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"course went well"
Posted:
Jan 12, 1997 6:24 PM


As scientists and researchers, we insist on rigorous proofs throughout our work. Yet when making curricular decisions, when making statements about the merit of old courses or the success of new courses, we frequently hear or say:
"... I thought the course went reasonably well ..."
Is there any hope for a culture change that will require appropriate standards for proofs of success as well? Such standards of proof likely will be quite different from those in math and the physical sciences, but to essentially give no proof at all might even be taken as an insult to the education and social sciences communities.
Matthias ********************************************************** Matthias Kawski http://math.la.asu.edu/~kawski Dept. of Mathematics kawski@asu.edu Arizona State University FAX: (602) 965 0461 Tempe, Arizona 852871804 office: (602) 965 3376 **********************************************************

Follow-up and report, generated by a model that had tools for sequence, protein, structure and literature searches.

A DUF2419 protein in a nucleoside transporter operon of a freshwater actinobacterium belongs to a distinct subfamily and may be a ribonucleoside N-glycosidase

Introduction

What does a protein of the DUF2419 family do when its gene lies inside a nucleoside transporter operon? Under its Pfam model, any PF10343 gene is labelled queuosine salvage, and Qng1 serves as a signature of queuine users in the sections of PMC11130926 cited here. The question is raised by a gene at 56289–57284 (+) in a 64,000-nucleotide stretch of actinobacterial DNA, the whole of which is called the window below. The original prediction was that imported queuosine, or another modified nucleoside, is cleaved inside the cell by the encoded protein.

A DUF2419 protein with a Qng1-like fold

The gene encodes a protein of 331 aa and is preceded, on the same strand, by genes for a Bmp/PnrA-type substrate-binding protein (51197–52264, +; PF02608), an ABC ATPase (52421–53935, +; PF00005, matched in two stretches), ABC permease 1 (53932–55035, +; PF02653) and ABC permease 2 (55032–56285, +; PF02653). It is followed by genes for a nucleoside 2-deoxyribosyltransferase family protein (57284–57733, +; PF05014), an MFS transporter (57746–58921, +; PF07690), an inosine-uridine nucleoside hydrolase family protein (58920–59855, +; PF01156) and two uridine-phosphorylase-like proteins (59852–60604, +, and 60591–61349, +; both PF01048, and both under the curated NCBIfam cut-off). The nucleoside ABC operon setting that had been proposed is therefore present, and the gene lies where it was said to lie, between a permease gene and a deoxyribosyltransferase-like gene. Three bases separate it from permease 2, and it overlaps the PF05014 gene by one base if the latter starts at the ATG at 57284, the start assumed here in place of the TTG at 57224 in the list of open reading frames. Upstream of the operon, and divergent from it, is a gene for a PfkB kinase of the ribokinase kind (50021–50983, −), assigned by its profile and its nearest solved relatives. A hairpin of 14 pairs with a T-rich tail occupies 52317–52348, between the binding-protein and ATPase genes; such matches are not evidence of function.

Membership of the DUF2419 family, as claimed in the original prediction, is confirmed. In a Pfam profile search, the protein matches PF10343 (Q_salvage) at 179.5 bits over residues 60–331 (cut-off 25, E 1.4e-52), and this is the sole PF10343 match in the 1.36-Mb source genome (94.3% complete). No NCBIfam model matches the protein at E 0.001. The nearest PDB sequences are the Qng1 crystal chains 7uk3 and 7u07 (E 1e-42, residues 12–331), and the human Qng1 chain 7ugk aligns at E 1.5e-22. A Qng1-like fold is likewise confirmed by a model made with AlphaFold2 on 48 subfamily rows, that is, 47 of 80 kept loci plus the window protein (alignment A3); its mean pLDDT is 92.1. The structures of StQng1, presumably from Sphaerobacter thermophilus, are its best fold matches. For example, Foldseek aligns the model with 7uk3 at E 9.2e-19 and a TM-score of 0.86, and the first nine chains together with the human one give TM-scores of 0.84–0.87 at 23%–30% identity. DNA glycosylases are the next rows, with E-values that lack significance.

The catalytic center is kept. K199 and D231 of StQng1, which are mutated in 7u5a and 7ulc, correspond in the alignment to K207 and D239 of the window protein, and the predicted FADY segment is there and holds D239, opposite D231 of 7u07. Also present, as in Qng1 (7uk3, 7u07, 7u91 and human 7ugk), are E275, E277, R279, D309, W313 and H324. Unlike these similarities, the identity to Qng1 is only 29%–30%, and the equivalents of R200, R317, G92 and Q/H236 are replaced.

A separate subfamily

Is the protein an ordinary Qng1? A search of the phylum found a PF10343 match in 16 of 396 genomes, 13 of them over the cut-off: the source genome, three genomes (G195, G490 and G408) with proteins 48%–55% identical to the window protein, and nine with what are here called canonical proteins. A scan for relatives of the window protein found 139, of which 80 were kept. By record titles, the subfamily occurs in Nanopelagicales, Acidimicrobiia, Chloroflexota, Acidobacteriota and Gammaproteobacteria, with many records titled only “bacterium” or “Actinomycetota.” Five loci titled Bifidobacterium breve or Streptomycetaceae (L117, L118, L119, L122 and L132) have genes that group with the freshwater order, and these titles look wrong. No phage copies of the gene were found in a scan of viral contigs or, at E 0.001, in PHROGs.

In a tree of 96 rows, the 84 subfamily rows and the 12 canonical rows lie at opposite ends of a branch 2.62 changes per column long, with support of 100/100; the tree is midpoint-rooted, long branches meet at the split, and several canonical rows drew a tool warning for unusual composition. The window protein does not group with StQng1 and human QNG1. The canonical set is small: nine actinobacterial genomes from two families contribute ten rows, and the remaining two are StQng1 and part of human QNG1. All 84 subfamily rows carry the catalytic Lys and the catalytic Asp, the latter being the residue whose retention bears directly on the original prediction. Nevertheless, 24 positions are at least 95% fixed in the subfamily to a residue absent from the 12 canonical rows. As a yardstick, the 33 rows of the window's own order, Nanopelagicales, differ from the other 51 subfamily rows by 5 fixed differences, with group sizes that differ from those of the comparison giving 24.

My remarks are motivated by Bob Davis' post  and are in no way intended to downplay his innovation and contribution. Indeed I visited the WWWsite, and liked it much!
# Date: Sat, 11 Jan 1997 05:17:38 0500 (EST) # From: "Robert B. Davis" <rdavis@math.rutgers.edu> # Subject: Jerry Uhl's note # To: mathedu@msri.org # # In response to Jerry Uhl's note: This past semester I taught a course called # "problem solving in mathematics" I thought it went vIt followed something # close to what Jerry describes, and I thought the course went reasonably well. # # You can get some idea of it, if you want, because unknown to me one student, # Lora Pitman, on her own initiative, made a web page in which she discusses # the course. Address: http://wwweden.rutgers.edu/~pitman # #   Bob Davis #